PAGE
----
Informants' tips, like all other clues and evidence coming to a policeman on the scene, may vary greatly in their value and reliability. One simple rule will not cover every situation. Some tips, completely lacking in indicia of reliability, would either warrant no police response or require further investigation before a forcible stop of a suspect would be authorized. But in some situations--for example, when the victim of a street crime seeks immediate police aid and gives a description of his assailant, or when a credible informant warns of a specific impending crime--the subtleties of the hearsay rule should not thwart an appropriate police response.

Adams, 407 U.S. at 147.

16 It is clear that if the Adams Court had applied the Aguilar-Spinelli test, the seizure at issue therein would not have been upheld because the officer did not have any information about the basis of the informant's knowledge. Adams, 407 U.S. at 148 (noting that the "informant's unverified tip may have been insufficient for a narcotics arrest or search warrant" under the Aguilar-Spinelli test). Instead, the Court held that since the informant had previously been reliable, and since the citizen provided the tip to the officer in person, the tip had a sufficient indicia of reliability to support a Terry stop. Adams, 407 U.S. at 146-47. Thus, Adams provided the first formulation of the totality of the circumstances test for Terry stops based primarily on information from citizens. See Gates, 462 U.S. at 233-34 (adopting totality of circumstances test for probable cause determinations and citing Adams extensively to explain the test); see also Kennedy, 107 Wn.2d at 23 (Dolliver, C.J., dissenting) ("In the Terry context, this [totality of the circumstances] 'test' first appeared in Adams v. Williams.").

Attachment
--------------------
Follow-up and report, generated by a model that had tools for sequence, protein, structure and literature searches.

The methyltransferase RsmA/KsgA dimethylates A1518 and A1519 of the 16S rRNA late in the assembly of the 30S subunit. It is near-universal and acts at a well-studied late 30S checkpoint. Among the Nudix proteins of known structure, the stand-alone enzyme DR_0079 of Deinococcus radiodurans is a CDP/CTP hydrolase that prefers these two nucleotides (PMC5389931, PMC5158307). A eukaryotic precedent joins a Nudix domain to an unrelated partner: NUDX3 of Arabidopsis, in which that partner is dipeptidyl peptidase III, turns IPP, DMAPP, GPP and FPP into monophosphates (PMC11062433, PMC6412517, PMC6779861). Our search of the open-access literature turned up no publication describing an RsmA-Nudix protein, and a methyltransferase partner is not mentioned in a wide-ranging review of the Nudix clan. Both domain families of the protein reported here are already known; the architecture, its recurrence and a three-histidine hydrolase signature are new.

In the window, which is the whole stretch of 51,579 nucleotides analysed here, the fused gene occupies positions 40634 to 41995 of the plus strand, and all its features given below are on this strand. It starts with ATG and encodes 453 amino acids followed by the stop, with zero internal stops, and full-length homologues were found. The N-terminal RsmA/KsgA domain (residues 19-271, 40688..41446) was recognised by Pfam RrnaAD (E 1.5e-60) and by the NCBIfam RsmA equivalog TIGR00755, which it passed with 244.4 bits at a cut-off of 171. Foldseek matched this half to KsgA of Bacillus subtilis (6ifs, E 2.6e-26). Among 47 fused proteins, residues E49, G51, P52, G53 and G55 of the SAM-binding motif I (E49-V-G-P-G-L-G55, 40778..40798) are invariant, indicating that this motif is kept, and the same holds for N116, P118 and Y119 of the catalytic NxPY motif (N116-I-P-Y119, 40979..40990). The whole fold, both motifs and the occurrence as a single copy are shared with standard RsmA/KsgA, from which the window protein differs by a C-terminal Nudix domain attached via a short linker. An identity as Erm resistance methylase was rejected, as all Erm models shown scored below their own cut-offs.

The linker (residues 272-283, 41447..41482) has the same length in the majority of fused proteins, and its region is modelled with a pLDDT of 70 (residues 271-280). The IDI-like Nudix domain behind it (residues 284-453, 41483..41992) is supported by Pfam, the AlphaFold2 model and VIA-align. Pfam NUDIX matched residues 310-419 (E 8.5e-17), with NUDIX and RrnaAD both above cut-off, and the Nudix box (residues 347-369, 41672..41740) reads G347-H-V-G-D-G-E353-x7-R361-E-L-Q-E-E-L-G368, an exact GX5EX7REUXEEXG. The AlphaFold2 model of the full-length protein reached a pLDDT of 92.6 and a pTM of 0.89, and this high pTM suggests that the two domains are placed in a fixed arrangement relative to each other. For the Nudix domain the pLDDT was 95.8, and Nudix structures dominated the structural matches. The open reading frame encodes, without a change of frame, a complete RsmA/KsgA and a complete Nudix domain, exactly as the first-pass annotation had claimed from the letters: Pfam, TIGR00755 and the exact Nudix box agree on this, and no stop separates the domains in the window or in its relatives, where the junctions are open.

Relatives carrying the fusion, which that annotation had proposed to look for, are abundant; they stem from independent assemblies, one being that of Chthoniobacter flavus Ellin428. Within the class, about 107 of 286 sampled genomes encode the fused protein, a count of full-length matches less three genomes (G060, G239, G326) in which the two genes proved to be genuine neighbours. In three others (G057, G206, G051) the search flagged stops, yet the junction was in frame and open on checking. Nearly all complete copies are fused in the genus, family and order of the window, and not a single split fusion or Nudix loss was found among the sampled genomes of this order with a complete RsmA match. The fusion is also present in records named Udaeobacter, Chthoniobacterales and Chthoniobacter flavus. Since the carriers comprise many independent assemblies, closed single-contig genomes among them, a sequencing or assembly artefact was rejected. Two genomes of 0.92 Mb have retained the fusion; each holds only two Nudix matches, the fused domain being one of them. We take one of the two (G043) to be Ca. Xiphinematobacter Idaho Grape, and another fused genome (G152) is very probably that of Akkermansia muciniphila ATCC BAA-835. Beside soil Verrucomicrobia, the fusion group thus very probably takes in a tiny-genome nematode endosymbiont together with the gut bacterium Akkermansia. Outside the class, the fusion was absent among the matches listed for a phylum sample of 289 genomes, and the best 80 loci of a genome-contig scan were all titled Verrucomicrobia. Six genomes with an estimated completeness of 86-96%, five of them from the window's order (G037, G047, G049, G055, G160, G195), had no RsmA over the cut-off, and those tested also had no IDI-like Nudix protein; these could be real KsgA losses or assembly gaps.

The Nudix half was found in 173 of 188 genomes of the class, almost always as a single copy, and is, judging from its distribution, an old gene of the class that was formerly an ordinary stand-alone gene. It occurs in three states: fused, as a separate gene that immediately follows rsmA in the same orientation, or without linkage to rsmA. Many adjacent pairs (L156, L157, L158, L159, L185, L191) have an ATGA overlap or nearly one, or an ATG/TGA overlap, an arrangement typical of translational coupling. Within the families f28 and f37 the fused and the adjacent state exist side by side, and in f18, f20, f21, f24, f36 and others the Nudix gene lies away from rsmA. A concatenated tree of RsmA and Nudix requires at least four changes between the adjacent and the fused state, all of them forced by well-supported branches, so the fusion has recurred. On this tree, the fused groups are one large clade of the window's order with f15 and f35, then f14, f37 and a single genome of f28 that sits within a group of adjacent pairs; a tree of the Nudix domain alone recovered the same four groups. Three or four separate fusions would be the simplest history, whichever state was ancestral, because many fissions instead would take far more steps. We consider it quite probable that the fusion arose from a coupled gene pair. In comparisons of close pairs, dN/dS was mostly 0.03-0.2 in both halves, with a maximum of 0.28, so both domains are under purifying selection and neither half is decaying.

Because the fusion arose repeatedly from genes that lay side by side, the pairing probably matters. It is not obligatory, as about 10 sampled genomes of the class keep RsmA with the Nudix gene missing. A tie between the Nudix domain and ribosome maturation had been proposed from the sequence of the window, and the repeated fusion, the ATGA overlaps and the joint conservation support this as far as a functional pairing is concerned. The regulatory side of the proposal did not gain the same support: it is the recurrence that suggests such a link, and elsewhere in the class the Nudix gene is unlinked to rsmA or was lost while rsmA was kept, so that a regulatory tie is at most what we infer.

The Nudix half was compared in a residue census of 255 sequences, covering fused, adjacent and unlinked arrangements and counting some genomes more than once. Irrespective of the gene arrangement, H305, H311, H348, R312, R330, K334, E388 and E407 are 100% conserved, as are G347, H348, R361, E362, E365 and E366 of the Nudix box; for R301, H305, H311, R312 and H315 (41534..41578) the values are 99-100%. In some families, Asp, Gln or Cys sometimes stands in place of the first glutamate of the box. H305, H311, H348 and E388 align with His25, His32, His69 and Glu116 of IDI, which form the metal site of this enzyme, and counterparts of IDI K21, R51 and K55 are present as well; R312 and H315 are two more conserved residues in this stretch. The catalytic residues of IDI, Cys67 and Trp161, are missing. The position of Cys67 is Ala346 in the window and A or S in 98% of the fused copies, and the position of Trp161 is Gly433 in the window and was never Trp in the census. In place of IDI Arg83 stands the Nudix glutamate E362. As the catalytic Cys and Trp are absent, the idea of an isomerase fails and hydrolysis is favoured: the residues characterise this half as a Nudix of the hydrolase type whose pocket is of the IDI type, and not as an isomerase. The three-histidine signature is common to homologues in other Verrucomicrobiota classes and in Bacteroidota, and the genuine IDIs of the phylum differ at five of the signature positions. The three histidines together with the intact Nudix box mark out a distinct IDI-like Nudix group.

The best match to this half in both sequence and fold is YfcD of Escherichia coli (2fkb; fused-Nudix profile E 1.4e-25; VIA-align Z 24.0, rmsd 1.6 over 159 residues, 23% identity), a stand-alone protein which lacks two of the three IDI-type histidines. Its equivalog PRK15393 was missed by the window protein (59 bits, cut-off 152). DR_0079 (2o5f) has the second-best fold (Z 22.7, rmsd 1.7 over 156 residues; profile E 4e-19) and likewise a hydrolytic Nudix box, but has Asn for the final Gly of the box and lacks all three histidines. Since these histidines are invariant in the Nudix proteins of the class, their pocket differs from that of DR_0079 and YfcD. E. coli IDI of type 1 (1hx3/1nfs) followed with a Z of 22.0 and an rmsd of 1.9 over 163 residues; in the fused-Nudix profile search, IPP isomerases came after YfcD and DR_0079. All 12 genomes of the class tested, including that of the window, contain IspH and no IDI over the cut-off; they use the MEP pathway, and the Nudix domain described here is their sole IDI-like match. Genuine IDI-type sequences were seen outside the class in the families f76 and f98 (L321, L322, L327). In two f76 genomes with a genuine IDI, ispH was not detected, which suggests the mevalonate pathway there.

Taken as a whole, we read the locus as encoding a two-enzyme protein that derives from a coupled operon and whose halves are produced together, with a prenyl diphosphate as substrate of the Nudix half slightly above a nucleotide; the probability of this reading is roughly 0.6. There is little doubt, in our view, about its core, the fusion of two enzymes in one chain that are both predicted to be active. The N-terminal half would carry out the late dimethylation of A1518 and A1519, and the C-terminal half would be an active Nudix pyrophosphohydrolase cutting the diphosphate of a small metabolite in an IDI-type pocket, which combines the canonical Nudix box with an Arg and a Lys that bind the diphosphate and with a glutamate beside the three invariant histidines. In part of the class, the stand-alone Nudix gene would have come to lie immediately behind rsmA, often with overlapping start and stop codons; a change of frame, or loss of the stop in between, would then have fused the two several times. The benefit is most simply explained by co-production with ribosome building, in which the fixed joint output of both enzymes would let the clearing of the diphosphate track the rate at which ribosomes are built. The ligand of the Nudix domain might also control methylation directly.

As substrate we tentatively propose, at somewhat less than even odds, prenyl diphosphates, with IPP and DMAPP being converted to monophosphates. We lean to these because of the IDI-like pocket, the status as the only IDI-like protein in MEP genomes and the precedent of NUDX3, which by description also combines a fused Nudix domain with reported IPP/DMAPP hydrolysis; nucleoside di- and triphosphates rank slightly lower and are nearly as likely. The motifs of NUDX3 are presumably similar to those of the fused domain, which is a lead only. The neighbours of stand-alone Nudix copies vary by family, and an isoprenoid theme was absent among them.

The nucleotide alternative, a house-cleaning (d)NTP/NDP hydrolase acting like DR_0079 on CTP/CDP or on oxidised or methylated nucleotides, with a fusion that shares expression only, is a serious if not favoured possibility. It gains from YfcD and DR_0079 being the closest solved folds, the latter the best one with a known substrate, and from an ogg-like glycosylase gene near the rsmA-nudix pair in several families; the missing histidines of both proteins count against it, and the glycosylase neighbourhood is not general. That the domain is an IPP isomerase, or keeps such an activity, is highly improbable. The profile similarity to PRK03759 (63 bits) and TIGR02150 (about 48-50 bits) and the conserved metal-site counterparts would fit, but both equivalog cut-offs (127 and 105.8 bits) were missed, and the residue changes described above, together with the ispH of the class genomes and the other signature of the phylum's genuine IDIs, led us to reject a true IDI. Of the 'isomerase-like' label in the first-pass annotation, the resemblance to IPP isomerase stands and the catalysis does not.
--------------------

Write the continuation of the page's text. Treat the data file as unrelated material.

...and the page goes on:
17 A careful reading of precedent also demonstrates that the Kennedy decision was the latest Washington Supreme Court decision on this issue and no subsequent opinion of this court or our Supreme Court places the Kennedy opinion's authority into doubt. Therefore amicus's reliance on State v. Hopkins, 128 Wn. App. 855, 117 P.3d 377 (2005), State v. Jones, 85 Wn. App. 797, 934 P.2d 1224 (1997), and State v. Hart, 66 Wn. App. 1, 830 P.2d 696 (1992), for the contrary proposition is misplaced. The court in Hart does not discuss Kennedy, and Kennedy is not even cited in Hopkins or Jones. 2